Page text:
Indigenizing development and enhancing traditional knowledge

July 06, 2016

This summer Gabriela Corbera, a master’s student in the sustainable international development program, participated in the Indigenous Studies Summer Program (ISSP) Fellowship at Columbia University. This prestigious summer program provides an overview and analysis of major questions in indigenous affairs, the adoption of the UN Declaration on the Rights of Indigenous Peoples, and the interaction between the indigenous movement and intergovernmental systems. Corbera spoke with Heller Communications about her experience and offers great advice for future participants.

photo of Gabriela Corbera giving a presentation

Heller Communications: What attracted you to this program?

Gabriela Corbera: The ISSP Fellowship at Columbia University was immediately captivating to me. I was doing personal research on indigenous communities and development when I stumbled upon a posting from Columbia University on a summer program that would train advanced development professionals, policy makers, lawyers, and public servants to strengthening their capacities and to address indigenous issues across various pillars and issues of development.

As a practitioner who looks at things from a holistic point of view, the program intrigued me. My particular interest was its focus on international law and development policy, a realm that is often overlooked in indigenous studies.

I was also very excited that I’d have the opportunity to be in another space, meet indigenous practitioners and more deeply engage in these topics. As most folks in this field might agree, indigenous rights and development is often an “add-on” in development programs and isn’t usually fully integrated into the curricula. I knew this would be the right fit for me this year. 

HC: What information can you share with future participants that you wish you had known in advance?

GC: I guess my biggest form of advice or local knowledge coming back from Columbia would be two things: self-determination and having an open mind to new forms of knowledge. In terms of self-determination: the program at Columbia is not free. There is a fee, and I received partial scholarships from both Columbia and Heller. I share this because as graduate students and practitioners, it’s important to take advantage of opportunities that are going to enhance our passion and commitment in the field. Often, people get discouraged by fees. This was a very important program for me, and I knew it was worth it. I was grateful for the scholarships I received from both Columbia and my own university.

Regarding open mindedness: as someone who is very academically oriented and data-driven, I often learn well from traditional academic lectures. If you do this program, be open to different forms of knowledge. When I reflect on what motivates or inspires my interest in indigenous communities, it’s not the books or the lectures, but the people, the communities and their traditional knowledge. I kept an open mind at Columbia and that helped me learn the stories of other fellows, the lecturers and of course the movement itself.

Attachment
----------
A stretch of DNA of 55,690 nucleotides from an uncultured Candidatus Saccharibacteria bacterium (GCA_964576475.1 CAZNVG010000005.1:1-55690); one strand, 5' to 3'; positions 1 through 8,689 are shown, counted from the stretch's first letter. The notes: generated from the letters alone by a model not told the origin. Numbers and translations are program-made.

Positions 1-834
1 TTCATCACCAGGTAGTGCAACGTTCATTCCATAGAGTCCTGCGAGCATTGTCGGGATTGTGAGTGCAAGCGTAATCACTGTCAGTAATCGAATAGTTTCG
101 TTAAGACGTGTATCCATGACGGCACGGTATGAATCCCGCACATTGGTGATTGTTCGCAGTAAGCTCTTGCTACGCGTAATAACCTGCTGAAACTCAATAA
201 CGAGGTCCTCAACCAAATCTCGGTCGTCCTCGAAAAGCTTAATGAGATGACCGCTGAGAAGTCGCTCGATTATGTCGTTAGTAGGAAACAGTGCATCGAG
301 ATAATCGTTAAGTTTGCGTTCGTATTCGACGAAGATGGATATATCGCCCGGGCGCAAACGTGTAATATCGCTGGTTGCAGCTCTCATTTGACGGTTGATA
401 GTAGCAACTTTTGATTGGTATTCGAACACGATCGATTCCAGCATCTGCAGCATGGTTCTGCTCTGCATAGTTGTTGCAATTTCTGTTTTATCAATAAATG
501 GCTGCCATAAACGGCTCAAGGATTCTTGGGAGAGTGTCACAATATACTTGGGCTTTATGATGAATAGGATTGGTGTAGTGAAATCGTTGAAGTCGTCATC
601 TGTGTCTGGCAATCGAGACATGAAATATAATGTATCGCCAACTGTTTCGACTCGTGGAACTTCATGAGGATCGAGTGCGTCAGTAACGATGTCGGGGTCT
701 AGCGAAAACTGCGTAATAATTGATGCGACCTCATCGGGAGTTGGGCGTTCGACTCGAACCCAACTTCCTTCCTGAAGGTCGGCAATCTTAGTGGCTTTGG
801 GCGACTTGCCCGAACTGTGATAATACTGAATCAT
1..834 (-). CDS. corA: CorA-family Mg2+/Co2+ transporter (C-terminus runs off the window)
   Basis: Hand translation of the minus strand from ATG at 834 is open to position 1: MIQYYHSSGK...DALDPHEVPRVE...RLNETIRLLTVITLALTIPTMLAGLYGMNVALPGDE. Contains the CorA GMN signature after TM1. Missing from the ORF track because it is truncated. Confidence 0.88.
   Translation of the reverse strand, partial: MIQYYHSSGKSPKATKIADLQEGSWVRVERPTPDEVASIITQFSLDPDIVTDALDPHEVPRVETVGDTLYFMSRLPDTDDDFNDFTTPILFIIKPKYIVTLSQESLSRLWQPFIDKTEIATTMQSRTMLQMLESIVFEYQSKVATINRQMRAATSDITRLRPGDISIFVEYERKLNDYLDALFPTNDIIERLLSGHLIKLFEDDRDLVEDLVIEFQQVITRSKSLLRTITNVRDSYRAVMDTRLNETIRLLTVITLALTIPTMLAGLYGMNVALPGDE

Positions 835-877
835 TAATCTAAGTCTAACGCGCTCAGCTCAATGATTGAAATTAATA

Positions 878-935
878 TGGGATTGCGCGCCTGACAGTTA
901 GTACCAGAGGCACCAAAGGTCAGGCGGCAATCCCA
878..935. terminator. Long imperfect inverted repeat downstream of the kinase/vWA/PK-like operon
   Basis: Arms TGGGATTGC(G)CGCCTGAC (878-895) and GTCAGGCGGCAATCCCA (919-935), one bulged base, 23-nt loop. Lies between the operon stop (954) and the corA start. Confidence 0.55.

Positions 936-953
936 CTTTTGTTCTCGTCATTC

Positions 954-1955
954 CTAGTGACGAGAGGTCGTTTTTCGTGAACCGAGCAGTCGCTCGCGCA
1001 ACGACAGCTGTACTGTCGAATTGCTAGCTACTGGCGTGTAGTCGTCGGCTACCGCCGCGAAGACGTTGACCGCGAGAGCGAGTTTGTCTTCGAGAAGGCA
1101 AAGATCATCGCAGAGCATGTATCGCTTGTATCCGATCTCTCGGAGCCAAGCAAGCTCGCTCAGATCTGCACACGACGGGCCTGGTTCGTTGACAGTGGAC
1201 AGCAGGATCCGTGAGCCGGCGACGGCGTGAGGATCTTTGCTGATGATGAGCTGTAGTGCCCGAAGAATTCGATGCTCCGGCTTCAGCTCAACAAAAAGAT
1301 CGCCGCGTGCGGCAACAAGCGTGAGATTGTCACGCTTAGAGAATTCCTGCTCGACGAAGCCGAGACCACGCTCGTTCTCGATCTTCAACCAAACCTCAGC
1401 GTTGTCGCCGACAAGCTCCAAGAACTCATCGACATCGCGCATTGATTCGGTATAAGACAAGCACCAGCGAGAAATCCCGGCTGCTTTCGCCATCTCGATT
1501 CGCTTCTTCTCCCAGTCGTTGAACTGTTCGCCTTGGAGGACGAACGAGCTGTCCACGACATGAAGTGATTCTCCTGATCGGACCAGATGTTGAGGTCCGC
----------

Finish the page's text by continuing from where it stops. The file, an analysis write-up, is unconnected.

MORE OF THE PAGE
photo of the ISSP fellows group

HC: How did your experience interact with what you've learned in the classroom?

GC: The knowledge I obtained at Columbia really complimented what I have learned at Heller, specially regarding interventions and people-based approaches to development. Coming from Heller, it was not hard to fit into this program or to think about the livelihoods and traditional knowledge of indigenous peoples as sacred and something of great value for the next era. There was also a major social justice angle that stems out of the movements that led to the Indigenous and Tribal Peoples Convention of 1989

(also known as ILO Convention 169) and the Declaration of Rights for Indigenous Peoples in 2007. This Fellowship motivated me greatly to include international law in all of my work and to not be intimidated by digging into these articles and forming my own interpretations.

HC: Has it changed your perspective on international development or your future career prospects?

GC: I wouldn’t say it changed my perspective all that much, I think the right term is enhanced. For as long as I can remember I’ve always believed in sustainable development. Heller has been a launching pad to delve deeper into this work, and the ISSP program strengthened my motivation to integrate sustainability and indigenous knowledge into international development. Meeting other practitioners and policymakers who have the same motivation was the best part of the journey. Again, for me, indigenous rights has never been an add-on. It’s part of the entire development process, and if it isn’t, then we are not achieving true sustainable development.